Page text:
Last week, Obama picked up the support of Sen. Bob Casey Jr., D-Pa., giving the candidate a boost heading into the Pennsylvania primary on April 22.

Richardson, D-N.M., who chose "loyalty to the nation" over his long-standing ties to the Clintons in backing Obama, told on Sunday that while superdelegates should play a key role, the party "big-shots" should not ultimately determine the party's nominee. "It should the voters."

As she has fought through three-months of primary voting, Clinton has been able count on a deep well of support from women voters, many of whom see the attempt to push her out of the race now as the work of a male-dominated party structure.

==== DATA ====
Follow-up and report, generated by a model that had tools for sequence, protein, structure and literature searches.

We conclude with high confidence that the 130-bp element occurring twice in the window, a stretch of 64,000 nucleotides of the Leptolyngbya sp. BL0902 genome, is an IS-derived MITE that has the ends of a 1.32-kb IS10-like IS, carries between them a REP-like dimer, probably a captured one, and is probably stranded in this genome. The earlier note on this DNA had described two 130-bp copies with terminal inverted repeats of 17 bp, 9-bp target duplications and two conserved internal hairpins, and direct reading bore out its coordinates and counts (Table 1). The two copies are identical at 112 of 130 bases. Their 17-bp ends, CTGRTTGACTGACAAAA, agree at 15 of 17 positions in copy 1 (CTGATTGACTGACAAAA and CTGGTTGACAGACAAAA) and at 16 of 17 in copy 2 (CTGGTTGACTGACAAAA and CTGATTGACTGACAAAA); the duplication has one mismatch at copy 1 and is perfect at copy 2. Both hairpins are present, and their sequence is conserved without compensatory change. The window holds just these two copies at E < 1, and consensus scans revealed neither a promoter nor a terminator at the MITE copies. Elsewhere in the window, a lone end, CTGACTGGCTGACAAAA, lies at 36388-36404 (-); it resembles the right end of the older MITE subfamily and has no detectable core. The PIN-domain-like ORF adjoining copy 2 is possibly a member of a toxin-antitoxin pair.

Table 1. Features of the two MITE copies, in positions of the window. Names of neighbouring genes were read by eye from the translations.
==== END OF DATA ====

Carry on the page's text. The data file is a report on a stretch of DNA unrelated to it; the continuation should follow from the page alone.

In California, Clinton beat Obama by a margin of 59 percent to 36 percent among women. She bettered him by 54 percent to 45 percent among women in Ohio, an important general election battleground state.

Obama, in turn, has walloped Clinton among men in nearly every state. He has prevailed among women in just a handful of places, including his home state of Illinois and states with large black populations.

As Obama crossed Pennsylvania, which votes on April 22, he pounded his message of reform and said again that McCain was running for U.S. President George W. Bush's third term.

McCain, the Arizona senator and Vietnam war hero, gave a major foreign policy speech last week trying to blunt Democratic attempts to paint him as a candidate who would view the world through Bush's pre-emptive foreign policy lens.